Teaching a Collaborative Approach to Health Care
Health sciences students at U-M engage in non-traditional, interactive learning that focuses on interprofessional communication.
By working together, overcoming differences, and focusing on common values, goals and outcomes, health sciences students from all three campuses of the University of Michigan are collaborating to improve future health outcomes.
Through the Michigan Center for Interprofessional Education, students from U-M’s broad range of health-related schools and colleges, including medicine, dentistry, nursing, pharmacy and public health, are provided with opportunities to work “interprofessionally” with one another.
“Students who come to Michigan expect that the values of teamwork, interdisciplinary learning and patient care are front and center in their educational experiences,” says Rajesh Mangrulkar, M.D., associate dean for medical student education, including interprofessional education, at the University of Michigan Medical School.
“That is exactly what our IPE movement has begun to build here, and the excitement this has generated among our applicants over the past couple of years is palpable.”
A change in culture
Historically, education for aspiring health professionals has been delivered in “uni-disciplinary” ways, occurring in separate, often isolated silos by a team of individual experts. However, as health care delivery continues to evolve to meet patient and population health needs, educators have found that this approach is no longer sufficient.
“This initiative focuses on several core competencies that include values and ethics, roles and responsibilities, communication, teamwork and intercultural intelligence,” says Vani Patterson, assistant director of the Michigan Center for Interprofessional Education, who received her MPH at U-M. “It also provides students with diverse learning opportunities outside of the traditional semester-based courses, like clinical and field experiences, service learning projects, simulations and online modules.”
The program is divided into levels of progression, which aim to measure IPE competency for students participating in the curriculum. It starts with exposure, which is an introduction to the material, and ends with mastery of the practice.
They’ll also learn about new student perspectives, as well as the roles and contributions of other professions when it comes to patient care and advanced critical thinking skills.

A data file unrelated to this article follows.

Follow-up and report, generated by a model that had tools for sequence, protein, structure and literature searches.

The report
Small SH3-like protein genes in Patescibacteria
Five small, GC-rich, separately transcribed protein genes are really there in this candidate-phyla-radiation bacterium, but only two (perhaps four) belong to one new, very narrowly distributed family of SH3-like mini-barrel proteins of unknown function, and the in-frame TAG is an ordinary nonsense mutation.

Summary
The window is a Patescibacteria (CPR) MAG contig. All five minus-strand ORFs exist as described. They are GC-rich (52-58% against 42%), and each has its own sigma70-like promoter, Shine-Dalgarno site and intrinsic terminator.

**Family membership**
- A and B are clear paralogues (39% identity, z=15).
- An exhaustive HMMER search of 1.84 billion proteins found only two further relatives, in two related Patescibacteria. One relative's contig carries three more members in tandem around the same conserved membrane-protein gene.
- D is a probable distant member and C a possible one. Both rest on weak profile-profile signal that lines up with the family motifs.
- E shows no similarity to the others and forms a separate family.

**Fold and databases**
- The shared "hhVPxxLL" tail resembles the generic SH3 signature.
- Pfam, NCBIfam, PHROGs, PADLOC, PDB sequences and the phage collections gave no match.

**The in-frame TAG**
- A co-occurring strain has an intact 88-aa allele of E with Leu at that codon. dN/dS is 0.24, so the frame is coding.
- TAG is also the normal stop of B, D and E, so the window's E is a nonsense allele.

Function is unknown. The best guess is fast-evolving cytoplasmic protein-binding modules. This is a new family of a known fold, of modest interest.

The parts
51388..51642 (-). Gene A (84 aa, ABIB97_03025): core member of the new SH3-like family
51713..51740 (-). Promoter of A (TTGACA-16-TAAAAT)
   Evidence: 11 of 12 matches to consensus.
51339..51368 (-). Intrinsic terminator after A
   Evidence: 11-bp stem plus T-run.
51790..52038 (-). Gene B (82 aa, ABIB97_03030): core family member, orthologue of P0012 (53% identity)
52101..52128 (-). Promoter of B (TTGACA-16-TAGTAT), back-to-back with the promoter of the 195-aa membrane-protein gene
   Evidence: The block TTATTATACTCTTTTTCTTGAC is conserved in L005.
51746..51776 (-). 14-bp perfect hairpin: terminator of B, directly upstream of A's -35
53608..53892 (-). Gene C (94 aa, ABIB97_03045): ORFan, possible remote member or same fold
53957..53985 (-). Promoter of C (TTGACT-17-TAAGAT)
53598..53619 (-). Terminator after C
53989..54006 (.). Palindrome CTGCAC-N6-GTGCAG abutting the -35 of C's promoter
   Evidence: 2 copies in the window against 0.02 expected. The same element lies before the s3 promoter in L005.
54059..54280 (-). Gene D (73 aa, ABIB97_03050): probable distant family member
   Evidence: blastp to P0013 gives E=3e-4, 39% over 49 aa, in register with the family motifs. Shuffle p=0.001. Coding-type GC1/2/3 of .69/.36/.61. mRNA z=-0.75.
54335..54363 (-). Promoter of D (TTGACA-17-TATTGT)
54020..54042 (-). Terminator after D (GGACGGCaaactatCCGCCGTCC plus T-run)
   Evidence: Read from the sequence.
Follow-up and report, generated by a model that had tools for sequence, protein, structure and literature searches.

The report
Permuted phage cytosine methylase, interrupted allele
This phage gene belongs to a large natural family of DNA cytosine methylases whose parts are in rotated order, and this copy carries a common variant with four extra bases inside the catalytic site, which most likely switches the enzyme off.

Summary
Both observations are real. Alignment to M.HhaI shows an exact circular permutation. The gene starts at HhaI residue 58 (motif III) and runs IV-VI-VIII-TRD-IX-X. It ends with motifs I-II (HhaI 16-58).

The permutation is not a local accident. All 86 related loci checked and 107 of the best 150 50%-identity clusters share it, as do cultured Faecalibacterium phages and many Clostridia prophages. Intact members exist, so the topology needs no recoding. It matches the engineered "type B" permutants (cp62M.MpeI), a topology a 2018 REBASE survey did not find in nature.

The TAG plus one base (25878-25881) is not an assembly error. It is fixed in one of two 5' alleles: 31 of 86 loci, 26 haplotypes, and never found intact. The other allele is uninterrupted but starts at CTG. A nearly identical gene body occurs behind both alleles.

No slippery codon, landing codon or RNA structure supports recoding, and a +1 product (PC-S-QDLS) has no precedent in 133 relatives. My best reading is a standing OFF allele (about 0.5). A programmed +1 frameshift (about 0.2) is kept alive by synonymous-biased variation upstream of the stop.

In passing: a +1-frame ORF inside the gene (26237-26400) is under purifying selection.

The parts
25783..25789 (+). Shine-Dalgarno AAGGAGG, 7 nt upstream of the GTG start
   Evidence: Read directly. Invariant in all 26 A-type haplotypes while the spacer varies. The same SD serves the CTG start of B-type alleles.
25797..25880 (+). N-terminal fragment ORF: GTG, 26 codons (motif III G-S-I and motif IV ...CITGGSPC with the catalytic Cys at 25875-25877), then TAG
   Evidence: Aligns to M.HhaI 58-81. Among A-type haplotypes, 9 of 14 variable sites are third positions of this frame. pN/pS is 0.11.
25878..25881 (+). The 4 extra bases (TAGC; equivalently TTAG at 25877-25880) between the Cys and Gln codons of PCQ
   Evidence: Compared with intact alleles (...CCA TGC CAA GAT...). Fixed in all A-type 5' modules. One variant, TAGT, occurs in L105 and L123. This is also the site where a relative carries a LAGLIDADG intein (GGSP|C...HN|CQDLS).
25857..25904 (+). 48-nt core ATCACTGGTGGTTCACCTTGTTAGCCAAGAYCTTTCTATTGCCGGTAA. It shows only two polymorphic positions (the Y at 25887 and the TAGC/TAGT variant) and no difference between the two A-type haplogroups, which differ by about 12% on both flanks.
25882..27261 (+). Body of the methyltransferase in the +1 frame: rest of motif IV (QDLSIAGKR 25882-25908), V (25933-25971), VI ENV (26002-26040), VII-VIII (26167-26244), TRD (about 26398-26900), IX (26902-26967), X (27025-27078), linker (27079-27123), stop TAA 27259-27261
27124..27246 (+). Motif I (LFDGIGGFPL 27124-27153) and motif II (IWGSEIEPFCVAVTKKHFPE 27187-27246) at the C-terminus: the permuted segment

“Students are encouraged to gain a deeper understanding of their own future professions while gaining a preliminary appreciation of different worldviews and the roles of other professions,” says Patterson. “These types of real-life interactions are so important in preparing students to work on a team and provide the best possible care.”
IPE in Action
Students are first introduced to IPE through an online course immediately followed by a large collaborative event called IPE in Action, which takes place at Crisler Center. Each participating team of students discusses a complex patient case at roundtables facilitated by faculty members.
Over 1,100 students from U-M’s health sciences schools on the Ann Arbor, Flint and Dearborn campuses will attend this year’s event as a part of their regular courses within their respective programs.
Data indicates that student knowledge of and attitudes towards their fellow health sciences programs significantly improves after completing the introductory IPE online course and participating in the IPE in Action event.
“We know that institutions like the World Health Organization recognize the importance of IPE for the success of students pursuing careers in health sciences,” says Tony Denton, J.D., MHSA, senior vice president and chief operating officer for the University of Michigan Health System, who will serve as this year’s keynote speaker. “This initiative provides our students with a platform to effectively communicate with each other when problem-solving, and also prepares them to enter the ever-evolving world of health care by being a part of a collaborative practice team.”
In addition, all third-year dental and pharmacy students, advanced-practice nursing students, first-year medical students and first-year social-work students in the Integrated Health Scholars, Detroit Clinical Scholars and Health Resources and Services Administration Scholars programs are now required to participate in Team-Based Clinical Decision Making (TBCDM).
And according to Patterson, this helps prepare students for future professional success: “The foundational experience sets the groundwork for more intense IPE experiences, like TBCDM, which allows students to really dive deep into the IPE competencies in a safe environment before having to practice them in their rotations.”
As innovators in the world of IPE, U-M faculty and staff are presenting their findings related to the foundational experience and other IPE innovations at several interprofessional conferences in 2019, including the Midwest Interprofessional Practice, Education, and Research Center conference and the Collaborating Across Borders international conference.
“I think we all work together to solve problems better for our patients when we embrace each other’s diverse perspectives and skills, so that’s really what this is about – getting students from the beginning used to doing that, and that learning will only lay an incredible foundation for them to continue to work together,” says Mangrulkar. “Whether it be on clinical care or research projects, or even education, bringing them together and learning how to do that from day one, is essential for the work that we do.”
This year’s IPE in Action event is on October 16 at Crisler Center. For more information about IPE at U-M, click here.